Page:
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When the course goes further north, past Arklow in County Wicklow, the scenery becomes positively alpine. We pass over gushing streams and the track hugs tall conifers as the train climbs higher and higher. It snakes around bends of pine and over old dry stone bridges before entering the Vale of Avoca – a verdant valley where Avonmore and Avonbeg join at the Meeting of the Waters to become the Avoca River – finally stopping at Rathdrum. Just a short walk from the village is the Avondale Estate and Forest, the birthplace of politician and Home Rule pioneer Charles Stewart Parnell. The house is currently undergoing extensive renovations, but the vast expanse of gardens reopened to the public last month.
Further north, the train leaves Wicklow Town and turns east, rolling parallel to the pebbly coast. To the left, moorlands are alive with kingfishers and egrets as far as the fertile, rolling hills that shape the horizon. As you approach Greystones, lonely figures walk the beach, and the town is home to charming restaurants such as Happy Pear, a plant-based cafe and bakery lining the streets.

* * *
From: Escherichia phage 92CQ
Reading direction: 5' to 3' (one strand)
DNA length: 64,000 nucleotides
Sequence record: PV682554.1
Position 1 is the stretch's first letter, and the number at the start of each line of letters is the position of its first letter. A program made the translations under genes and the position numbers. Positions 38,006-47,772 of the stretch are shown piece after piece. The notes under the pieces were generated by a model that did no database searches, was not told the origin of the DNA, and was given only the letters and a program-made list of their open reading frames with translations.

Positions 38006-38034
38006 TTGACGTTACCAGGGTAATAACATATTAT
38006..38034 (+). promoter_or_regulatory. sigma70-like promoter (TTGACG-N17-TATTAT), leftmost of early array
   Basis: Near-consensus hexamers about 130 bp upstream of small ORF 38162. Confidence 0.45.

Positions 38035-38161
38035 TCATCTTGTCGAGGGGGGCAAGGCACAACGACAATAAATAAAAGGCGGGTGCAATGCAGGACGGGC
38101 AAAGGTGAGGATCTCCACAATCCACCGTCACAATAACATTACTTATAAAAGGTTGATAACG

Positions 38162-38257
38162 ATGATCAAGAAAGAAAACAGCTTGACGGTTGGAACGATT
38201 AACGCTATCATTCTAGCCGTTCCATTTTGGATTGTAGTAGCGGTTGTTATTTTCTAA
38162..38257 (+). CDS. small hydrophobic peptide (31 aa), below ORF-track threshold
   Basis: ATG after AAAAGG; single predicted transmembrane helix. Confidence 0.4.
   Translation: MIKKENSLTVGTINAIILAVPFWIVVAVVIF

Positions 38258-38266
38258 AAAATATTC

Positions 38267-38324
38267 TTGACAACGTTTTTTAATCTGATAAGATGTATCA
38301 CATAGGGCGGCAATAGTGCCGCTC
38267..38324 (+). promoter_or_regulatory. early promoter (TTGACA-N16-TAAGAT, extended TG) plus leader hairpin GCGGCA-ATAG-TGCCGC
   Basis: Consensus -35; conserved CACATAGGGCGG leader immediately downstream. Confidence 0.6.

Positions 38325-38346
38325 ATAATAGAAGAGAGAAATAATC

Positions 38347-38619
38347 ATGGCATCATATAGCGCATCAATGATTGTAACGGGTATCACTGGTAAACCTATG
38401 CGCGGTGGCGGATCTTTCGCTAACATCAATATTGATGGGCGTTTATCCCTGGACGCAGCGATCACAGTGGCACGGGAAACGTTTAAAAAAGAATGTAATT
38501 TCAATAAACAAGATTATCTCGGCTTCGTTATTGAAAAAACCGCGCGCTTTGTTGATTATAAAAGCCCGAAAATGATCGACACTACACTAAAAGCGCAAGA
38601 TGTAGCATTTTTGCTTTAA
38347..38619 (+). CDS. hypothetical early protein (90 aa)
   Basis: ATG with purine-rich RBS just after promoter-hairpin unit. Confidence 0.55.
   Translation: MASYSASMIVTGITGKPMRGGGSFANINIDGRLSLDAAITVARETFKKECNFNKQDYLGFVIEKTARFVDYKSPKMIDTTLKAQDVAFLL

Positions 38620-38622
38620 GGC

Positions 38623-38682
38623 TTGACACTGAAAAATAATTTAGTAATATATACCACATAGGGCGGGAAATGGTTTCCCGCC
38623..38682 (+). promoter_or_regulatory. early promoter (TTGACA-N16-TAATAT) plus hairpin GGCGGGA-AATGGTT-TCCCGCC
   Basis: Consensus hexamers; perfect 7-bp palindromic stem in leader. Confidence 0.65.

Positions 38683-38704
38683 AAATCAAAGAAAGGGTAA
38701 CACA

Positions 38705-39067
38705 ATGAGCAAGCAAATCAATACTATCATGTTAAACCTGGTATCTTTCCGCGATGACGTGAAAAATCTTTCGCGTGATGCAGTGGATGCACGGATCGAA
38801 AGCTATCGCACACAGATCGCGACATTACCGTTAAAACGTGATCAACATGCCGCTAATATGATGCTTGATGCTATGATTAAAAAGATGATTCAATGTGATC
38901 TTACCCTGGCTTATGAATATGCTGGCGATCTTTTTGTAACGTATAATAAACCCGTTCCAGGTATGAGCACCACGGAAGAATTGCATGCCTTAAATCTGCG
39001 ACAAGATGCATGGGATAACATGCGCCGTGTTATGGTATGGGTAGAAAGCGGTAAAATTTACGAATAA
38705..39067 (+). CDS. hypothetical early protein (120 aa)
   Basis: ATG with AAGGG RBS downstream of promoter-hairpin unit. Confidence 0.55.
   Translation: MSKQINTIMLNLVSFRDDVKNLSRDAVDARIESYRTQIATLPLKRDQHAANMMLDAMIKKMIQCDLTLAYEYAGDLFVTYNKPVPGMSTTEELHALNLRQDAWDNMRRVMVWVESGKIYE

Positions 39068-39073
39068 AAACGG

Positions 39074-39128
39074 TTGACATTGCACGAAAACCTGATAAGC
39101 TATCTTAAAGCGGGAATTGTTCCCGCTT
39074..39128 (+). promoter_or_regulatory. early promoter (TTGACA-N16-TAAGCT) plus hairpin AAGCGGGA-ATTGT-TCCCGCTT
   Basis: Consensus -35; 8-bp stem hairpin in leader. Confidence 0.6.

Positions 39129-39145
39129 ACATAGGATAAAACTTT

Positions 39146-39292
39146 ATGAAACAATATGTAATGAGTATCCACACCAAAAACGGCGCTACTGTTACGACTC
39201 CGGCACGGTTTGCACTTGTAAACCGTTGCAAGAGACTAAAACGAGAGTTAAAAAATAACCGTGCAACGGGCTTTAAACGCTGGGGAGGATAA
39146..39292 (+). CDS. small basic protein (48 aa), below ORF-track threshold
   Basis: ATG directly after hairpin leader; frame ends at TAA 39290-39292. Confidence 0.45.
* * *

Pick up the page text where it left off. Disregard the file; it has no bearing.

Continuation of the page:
When the track goes further north, past Arklow, the scenery becomes positively alpine
From Greystones, Bray Head is approached, a high rocky peninsula jutting out into the Irish Sea. The train offers soaring views of white-topped waves and sandy beaches. It whizzes between tunnels, emerges into blinding sunlight heralding another dramatic coastal view, more spectacular than the last, and then stops at Bray. From here, passengers can continue into Dublin city center with a handful of stops, or board the DART commuter service which meanders and stops at idyllic seaside towns such as Dalkey or Killiney.